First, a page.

Sequence

In mathematics, a sequence is an ordered list of objects (or events). Like a set, it contains members (also called elements, or terms). The number of ordered elements (possibly infinite) is called the length of the sequence. Unlike a set, order matters, and exactly the same elements can appear multiple times at different positions in the sequence. A sequence is a discrete function.

For example, (M, A, R, Y) is a sequence of letters that differs from (A, R, M, Y), as the ordering matters, and (1, 1, 2, 3, 5, 8), which contains the number 1 at two different positions, is a valid sequence. Sequences can be finite, as in this example, or infinite, such as the sequence of all even positive integers (2, 4, 6,...). Finite sequences are sometimes known as strings or words and infinite sequences as streams. The empty sequence ( ) is included in most notions of sequence, but may be excluded depending on the context.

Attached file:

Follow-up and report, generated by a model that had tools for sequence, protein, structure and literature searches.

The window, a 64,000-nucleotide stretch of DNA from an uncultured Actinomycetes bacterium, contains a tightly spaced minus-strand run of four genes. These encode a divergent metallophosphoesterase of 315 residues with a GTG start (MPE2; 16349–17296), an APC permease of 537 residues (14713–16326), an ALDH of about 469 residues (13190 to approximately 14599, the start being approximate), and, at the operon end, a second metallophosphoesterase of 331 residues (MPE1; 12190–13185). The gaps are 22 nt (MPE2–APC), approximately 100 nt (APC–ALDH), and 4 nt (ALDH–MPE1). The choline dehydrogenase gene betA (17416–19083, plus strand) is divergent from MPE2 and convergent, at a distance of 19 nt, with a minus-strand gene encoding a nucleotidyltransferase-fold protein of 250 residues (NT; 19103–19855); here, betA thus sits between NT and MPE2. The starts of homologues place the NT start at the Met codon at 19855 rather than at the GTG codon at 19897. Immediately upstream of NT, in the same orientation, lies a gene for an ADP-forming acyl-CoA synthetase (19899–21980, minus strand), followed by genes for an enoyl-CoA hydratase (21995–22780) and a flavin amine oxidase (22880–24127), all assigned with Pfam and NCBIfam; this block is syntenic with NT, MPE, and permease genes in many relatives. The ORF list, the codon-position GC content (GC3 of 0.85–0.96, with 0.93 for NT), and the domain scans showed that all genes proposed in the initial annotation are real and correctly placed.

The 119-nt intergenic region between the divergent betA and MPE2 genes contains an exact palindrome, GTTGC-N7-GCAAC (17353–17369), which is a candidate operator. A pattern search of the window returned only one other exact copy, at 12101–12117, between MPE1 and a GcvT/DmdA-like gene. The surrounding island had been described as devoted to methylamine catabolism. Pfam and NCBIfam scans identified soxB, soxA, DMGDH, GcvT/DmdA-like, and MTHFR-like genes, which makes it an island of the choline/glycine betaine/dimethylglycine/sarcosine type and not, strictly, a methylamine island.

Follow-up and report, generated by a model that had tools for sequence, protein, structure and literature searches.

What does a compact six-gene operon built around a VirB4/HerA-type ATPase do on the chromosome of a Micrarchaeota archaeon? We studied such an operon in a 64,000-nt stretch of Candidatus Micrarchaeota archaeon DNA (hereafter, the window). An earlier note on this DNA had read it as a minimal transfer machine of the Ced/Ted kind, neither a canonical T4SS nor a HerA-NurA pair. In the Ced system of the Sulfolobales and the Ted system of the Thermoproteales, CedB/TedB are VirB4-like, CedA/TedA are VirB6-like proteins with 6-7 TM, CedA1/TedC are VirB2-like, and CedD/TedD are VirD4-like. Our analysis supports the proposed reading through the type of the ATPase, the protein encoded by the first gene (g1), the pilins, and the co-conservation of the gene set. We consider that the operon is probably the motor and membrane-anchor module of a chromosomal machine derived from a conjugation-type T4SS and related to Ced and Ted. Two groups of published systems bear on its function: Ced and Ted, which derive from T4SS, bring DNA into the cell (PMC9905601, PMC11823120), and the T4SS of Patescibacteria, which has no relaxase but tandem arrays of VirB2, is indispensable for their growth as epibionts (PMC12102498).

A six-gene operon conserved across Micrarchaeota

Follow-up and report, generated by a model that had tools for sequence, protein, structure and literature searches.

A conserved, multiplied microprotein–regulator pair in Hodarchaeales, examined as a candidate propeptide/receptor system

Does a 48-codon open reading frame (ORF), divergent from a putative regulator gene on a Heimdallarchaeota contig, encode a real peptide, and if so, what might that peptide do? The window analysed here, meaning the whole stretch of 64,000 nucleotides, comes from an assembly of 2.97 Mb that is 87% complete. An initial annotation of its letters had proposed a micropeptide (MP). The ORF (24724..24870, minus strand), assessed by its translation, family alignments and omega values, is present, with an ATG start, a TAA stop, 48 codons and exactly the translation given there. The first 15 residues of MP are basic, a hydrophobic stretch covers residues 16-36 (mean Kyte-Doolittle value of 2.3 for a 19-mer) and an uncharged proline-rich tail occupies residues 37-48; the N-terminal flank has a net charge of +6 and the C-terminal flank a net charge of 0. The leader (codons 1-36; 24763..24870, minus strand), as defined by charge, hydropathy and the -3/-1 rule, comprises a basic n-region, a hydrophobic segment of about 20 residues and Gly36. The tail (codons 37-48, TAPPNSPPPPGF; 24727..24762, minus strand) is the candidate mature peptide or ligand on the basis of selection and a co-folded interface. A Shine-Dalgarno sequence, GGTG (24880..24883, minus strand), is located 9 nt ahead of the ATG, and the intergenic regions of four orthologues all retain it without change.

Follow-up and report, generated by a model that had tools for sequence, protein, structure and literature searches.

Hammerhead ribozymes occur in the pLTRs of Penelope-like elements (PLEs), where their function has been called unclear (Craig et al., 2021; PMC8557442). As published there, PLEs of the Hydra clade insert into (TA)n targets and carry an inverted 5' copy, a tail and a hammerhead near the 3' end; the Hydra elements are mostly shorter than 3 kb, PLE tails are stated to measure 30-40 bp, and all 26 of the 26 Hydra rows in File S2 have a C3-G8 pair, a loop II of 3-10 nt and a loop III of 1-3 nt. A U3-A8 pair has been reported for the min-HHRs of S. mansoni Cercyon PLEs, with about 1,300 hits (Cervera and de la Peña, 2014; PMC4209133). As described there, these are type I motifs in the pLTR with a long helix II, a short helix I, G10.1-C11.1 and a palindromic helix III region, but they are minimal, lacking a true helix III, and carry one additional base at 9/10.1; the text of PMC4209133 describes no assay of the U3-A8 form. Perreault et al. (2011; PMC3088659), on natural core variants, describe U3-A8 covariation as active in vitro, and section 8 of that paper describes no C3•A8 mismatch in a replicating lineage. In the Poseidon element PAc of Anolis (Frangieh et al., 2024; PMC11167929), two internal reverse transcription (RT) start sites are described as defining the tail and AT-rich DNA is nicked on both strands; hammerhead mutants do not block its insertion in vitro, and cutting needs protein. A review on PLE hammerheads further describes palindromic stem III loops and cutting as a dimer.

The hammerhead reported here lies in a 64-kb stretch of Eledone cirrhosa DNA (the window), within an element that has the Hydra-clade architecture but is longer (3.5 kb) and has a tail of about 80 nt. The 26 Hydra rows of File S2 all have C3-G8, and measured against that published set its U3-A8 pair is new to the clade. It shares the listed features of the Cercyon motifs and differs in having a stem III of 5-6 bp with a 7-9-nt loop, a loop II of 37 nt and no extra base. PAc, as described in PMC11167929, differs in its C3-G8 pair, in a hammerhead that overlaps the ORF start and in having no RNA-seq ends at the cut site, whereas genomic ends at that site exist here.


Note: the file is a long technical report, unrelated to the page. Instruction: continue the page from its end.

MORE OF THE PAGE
Read more about Sequence:  Examples and Notation, Types and Properties, Analysis, Series, Infinite Sequences in Theoretical Computer Science, Vectors, Doubly Infinite Sequences, Ordinal-indexed Sequence, Sequences and Automata

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    Reminiscences, even extensive ones, do not always amount to an autobiography.... For autobiography has to do with time, with sequence and what makes up the continuous flow of life. Here, I am talking of a space, of moments and discontinuities. For even if months and years appear here, it is in the form they have in the moment of recollection. This strange form—it may be called fleeting or eternal—is in neither case the stuff that life is made of.
    Walter Benjamin (1892–1940)